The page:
Inspired by the death of her mother from ovarian cancer nearly 35 years ago and driven by her personal struggle, she founded the Natick-based nonprofit Ovations for the Cure in 2005. The organization has since comforted countless women and donated over $1 million to various ovarian cancer research programs at the Dana-Farber Cancer Institute and Brigham and Women’s Hospital, including the world-renowned Desensitization Program, through fundraising programs such as the annual Stuart Weitzman Fashion Show.

We provide below a bylined article about Patty Franchi Flaherty that was graciously provided to us by Ovations For the Cure. If you would like to learn more about the warnings signs and symptoms of ovarian cancer, CLICK HERE (Ovarian Cancer Symptoms Consensus Statement (Adobe Reader PDF Document)

“Patty Franchi Flaherty loses battle to ovarian cancer

Patty Franchi Flaherty, Founder of Ovations For the Cure of Ovarian Cancer (February 26, 1955 – August 18, 2008)

Patty Franchi Flaherty, Founder of Ovations For the Cure of Ovarian Cancer (February 26, 1955 – August 18, 2008)

Natick, MA (August 19, 2008) – Patty Franchi Flaherty, Founder and President of Ovations for the Cure, lost her courageous 9-year battle with ovarian cancer and died peacefully at home on August 18, 2008, surrounded by family and friends.

Patty was a native of Weston who graduated from Bentley College in Waltham. Afterward, she joined Natick-based Franchi Management Company, Inc., where she worked as General Manager for over 30 years overseeing all business operations. She was also a long-standing trustee at Boston’s Dana-Farber Cancer Institute.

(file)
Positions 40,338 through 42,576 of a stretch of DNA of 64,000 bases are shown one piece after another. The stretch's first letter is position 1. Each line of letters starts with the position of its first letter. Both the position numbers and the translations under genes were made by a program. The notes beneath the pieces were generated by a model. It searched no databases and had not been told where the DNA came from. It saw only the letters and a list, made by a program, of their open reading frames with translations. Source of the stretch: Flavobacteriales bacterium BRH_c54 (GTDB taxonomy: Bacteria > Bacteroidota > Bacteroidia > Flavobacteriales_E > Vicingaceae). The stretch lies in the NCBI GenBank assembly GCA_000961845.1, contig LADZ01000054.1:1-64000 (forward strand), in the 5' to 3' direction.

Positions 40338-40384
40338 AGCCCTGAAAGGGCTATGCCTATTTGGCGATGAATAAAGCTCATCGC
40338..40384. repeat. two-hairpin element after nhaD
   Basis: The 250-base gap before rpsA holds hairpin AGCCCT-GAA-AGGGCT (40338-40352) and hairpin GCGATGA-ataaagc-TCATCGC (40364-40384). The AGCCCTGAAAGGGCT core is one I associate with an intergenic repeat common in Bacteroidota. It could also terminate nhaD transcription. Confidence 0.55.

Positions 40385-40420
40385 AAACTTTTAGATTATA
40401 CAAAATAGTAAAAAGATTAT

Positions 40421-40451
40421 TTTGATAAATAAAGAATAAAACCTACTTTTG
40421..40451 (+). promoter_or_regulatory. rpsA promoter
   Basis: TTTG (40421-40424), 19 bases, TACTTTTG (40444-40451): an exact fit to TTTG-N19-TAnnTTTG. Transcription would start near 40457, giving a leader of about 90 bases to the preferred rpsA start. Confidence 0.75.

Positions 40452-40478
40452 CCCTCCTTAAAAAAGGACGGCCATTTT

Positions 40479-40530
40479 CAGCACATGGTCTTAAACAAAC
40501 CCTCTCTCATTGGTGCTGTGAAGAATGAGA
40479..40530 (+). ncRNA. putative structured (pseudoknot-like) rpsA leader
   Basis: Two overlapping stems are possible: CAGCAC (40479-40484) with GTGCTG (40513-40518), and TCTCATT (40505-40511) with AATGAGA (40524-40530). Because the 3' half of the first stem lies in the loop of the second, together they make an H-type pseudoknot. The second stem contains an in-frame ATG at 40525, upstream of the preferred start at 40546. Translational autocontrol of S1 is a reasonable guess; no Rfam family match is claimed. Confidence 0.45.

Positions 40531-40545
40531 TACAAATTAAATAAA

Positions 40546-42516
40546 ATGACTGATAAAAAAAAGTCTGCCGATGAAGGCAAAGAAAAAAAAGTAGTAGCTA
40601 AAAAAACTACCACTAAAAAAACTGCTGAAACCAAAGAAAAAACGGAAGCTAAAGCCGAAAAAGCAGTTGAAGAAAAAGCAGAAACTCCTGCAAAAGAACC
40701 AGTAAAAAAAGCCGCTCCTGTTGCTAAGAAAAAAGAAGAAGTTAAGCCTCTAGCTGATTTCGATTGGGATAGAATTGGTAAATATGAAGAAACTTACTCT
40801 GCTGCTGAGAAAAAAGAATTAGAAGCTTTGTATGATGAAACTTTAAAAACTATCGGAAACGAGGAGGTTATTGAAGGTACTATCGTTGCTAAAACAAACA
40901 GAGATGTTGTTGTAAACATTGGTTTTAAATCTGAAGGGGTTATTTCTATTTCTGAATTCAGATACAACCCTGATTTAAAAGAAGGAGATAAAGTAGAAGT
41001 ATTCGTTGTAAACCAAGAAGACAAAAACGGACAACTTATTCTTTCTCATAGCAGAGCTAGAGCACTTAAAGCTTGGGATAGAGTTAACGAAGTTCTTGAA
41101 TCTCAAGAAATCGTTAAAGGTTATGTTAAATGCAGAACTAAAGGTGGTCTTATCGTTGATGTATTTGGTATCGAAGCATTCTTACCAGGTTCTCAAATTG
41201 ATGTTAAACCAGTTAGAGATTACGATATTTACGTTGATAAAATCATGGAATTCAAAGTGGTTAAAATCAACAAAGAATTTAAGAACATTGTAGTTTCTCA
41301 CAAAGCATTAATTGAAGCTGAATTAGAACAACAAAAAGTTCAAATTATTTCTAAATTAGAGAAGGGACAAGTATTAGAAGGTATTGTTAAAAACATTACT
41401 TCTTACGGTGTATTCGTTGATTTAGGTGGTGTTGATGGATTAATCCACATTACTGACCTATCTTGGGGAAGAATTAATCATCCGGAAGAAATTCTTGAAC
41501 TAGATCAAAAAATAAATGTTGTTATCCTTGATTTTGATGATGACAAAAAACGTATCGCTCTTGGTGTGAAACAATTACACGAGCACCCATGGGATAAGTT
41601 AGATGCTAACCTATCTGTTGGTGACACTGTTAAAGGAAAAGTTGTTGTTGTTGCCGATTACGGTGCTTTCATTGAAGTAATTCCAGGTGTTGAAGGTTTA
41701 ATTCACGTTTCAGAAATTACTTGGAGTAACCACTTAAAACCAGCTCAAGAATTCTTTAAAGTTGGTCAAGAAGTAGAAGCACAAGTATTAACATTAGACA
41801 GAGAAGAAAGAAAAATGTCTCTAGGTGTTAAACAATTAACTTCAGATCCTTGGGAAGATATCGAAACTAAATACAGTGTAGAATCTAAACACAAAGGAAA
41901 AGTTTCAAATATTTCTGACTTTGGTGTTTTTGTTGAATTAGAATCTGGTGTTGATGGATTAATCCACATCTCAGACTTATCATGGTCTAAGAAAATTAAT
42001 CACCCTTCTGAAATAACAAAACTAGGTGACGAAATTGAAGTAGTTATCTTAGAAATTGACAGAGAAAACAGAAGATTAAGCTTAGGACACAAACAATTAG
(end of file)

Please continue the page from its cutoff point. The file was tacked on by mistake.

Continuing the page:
Diagnosed with ovarian cancer in early 1999, Patty lived 9 years before succumbing to the same disease that took her mother Madeline’s life 25 years earlier. After a promising remission, the cancer resurfaced in 2005. Frustrated by how little ovarian cancer diagnosis and treatment had changed in a quarter-century, Patty was certain that she wasn’t alone in her fight with ovarian cancer or in her frustration over medical insufficiencies. She was determined to help improve the odds for all ovarian cancer patients.

In early 2006, Patty co-hosted the Stuart Weitzman Fashion Show and Luncheon as a fundraiser. Proceeds from the show helped fund the Madeline Franchi Ovarian Cancer Research Fund at the Dana-Farber Cancer Institute. Then, with the help and support of her dearest friends, Patty launched a non-profit organization called Ovations for the Cure to fuel other research initiatives around the country and actively change the face of ovarian cancer.

In the 9 years she lived with ovarian cancer, Patty Franchi Flaherty turned a very personal crusade into a meaningful legacy for all women facing the disease. Thanks to Patty, women can now share information the likes of which her mother never had, and have hope where before there had been none. In just over 3 years’ time, Patty led Ovations’ growth from a lingering idea to a thriving organization-with momentum that continues to build across North America.

In July of 2008, The Savings Bank Life Insurance Company of Massachusetts awarded Patty its highest community honor, the prestigious Brandeis Award, which Patty’s husband Paul accepted on her behalf. The award pays homage to [U.S. Supreme Court] Justice Louis Brandeis and his defense of the rights of individuals, and was given to Patty in recognition of her innovation, bravery, and commitment to furthering the research and awareness of ovarian cancer.

Known for her unshakable determination, Patty turned her mission to beat ovarian cancer into a nationwide entity. In so doing, she created a living legacy of hope for everyone who faces the disease. Patty’s personal contributions to the fight against ovarian cancer have earned her a champion’s status in the hearts of those she has forever touched.

Creating a brighter future